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  • Writer's pictureJessica M. Simpkiss

What does it take to be a published writer?

Hi, I’m Jessica, published author and submissions coordinator for a prominent literary agency. Recently, the rights to my first traditionally published novel reverted to me (woohoo!) which got me thinking about where I started compared to where I am now and where I want to be in the future. While my journey has been relatively short in comparison to some (only six years) the wealth of information and knowledge I have attained along the way is staggering, even to me. And so, in the spirit of giving, I want to share what I know with you and help other writers. I don’t know everything, but I do know some things and I want to share them with you.

First, a little bit about me. I hold a Bachelor of Art History from George Mason University. I am the author of two full-length novels, The Spaewife’s Secret(traditionally published) and Bone in the Blood(self-published). I have also published short stories and poetry both online and in print literary magazines throughout the US and several international publications. I have interned and worked with The National Gallery of Art and the National Archives in Washington DC, as well as several smaller galleries and museums in Washington. I was the co-Editor in Chief of the Cat’s Tales Literary Magazine for two years and recently I’ve taken a position as submissions coordinator for a prominent literary agency. When I’m not writing or reading, I do yoga (occasionally), I love to garden and as a family, we love to camp and wander.

But enough about me, let’s talk about what I’m going to be doing this month. For the whole month of December, I plan to post a daily affirmation of sorts, which will be part writing advice, part publishing advice with some quippy anecdotes about my experiences, what I’ve learned along the way, and what I would have done differently, along with some of my favorite story starters for anyone suffering from writer’s block or just need a jump start. It’s going to be a hodgepodge of writing and publishing information that will hopefully be informative and helpful.

So here we are on Day 1. And today I would like to share with you a thought that recently occurred to me about writers and becoming a published author with one of the BIG publishers (we all know who they are). Publishing is a LONG journey. From writing a novel which can sometimes take years, to searching out the perfect agent who then searches out the perfect publisher who then sends your manuscript through the wringer and finally slates it for publication in their catalog, the following year (or longer!), publishing is a LONG journey. What occurred to me recently is that those coveted authors we read and love, the ones whose books we see at the top of the bestselling lists, the ones we aspire to be one day, are they really better writers, or are they just the most persistent? In a discipline that is highly subjective on its face, is it the squeaky wheel that gets the grease? I don’t want to discount or diminish anyone’s abilities, but I have to believe that those writers who are prepared for the long haul, the ones who do not get discouraged easily, the ones with the most patience, are the ones that make it to the big times.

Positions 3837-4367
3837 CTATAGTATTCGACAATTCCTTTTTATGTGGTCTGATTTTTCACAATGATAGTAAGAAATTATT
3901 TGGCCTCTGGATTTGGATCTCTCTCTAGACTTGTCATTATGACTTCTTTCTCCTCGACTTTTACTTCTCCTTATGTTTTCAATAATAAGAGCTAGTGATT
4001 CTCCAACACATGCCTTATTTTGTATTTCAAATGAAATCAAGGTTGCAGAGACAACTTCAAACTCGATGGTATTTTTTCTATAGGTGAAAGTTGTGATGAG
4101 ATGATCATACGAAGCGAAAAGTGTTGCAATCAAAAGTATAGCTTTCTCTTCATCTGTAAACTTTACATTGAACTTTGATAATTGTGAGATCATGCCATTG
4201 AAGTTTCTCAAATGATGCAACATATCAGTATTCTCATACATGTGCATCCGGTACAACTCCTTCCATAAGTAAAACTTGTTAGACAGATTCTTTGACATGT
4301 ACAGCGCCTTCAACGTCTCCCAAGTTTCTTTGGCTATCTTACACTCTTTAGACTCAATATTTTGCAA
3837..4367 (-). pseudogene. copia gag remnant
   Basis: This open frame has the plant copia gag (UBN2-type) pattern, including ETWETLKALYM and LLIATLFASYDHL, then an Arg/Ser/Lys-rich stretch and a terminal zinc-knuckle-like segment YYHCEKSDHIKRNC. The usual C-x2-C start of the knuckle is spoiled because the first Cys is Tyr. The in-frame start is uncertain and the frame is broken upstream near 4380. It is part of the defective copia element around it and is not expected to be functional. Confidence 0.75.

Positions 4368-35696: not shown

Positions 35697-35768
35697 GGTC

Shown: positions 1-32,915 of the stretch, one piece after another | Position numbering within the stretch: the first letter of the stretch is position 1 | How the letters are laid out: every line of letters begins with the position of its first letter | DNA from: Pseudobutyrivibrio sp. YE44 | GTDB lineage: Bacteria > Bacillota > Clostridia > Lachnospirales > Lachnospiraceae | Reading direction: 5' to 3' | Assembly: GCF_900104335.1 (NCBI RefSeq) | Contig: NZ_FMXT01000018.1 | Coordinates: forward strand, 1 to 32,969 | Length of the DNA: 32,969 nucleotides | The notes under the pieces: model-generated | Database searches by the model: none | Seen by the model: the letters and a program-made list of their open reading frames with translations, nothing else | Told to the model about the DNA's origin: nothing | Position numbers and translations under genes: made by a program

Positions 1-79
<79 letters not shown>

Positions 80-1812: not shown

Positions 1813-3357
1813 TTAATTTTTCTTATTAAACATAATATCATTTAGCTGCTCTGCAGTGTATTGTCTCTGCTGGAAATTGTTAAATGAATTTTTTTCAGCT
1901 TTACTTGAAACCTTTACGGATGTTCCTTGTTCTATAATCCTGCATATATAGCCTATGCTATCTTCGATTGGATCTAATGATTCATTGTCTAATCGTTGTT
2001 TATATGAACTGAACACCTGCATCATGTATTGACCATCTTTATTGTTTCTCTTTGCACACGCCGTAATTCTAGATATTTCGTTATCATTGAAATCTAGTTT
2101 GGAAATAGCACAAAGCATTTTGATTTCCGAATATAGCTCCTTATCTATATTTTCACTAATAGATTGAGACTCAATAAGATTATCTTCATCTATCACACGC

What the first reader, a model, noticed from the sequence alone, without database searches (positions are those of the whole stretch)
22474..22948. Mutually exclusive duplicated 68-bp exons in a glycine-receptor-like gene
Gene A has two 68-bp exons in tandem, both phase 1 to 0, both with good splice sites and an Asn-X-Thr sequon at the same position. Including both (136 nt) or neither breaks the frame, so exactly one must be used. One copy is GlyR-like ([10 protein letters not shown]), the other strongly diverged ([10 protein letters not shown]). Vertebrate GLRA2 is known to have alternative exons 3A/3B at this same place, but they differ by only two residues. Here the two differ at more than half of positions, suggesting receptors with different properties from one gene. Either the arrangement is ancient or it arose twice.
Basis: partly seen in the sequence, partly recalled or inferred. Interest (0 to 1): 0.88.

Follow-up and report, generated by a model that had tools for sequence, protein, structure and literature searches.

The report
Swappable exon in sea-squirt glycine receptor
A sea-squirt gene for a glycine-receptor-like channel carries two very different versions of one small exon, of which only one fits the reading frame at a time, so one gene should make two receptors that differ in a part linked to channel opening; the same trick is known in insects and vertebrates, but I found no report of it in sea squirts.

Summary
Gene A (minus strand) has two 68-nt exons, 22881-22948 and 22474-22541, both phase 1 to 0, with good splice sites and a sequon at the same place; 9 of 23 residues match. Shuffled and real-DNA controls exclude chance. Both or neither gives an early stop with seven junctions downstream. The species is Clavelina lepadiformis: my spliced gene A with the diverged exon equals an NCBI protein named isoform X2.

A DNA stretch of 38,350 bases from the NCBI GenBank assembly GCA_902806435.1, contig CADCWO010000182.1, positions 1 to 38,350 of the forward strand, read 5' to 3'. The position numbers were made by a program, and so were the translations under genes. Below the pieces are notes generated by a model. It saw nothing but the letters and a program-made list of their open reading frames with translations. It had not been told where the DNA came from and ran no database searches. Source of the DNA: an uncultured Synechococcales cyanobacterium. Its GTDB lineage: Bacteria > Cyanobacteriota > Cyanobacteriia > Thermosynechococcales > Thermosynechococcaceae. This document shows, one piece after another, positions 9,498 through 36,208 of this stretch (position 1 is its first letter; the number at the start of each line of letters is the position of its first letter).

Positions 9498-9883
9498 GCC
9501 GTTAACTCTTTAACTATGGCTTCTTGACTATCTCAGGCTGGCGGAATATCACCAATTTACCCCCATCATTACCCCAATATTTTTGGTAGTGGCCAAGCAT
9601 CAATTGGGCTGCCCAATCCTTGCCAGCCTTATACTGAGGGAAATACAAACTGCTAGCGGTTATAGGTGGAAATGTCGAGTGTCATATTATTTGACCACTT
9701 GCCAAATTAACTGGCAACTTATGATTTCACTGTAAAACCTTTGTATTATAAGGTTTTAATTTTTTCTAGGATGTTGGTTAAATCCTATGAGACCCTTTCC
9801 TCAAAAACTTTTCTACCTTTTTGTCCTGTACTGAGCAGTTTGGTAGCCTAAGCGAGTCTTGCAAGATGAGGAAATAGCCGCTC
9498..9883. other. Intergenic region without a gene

This is just a random thought I had the other night lying in bed, thinking about writing when I should have been writing (ugh).

My personal experience with my first novel and a small independent publisher was relatively quick from submission to publication, I believe about 5 months total. And there were so many red flags that I didn’t see at the time, that I see now, that I cringe. That’s part of what I want to talk about this month, and hopefully spare some of you those cringe worthy moments.

What are your thoughts? Do you think success is all talent or are the successful authors we look up to the most persistent ones of the bunch?

I'd love to hear your thoughts!

Stop by tomorrow for Day 2, So you think you've written a book, steps that must be taken before you start even thinking about submitting to agents or publishers.

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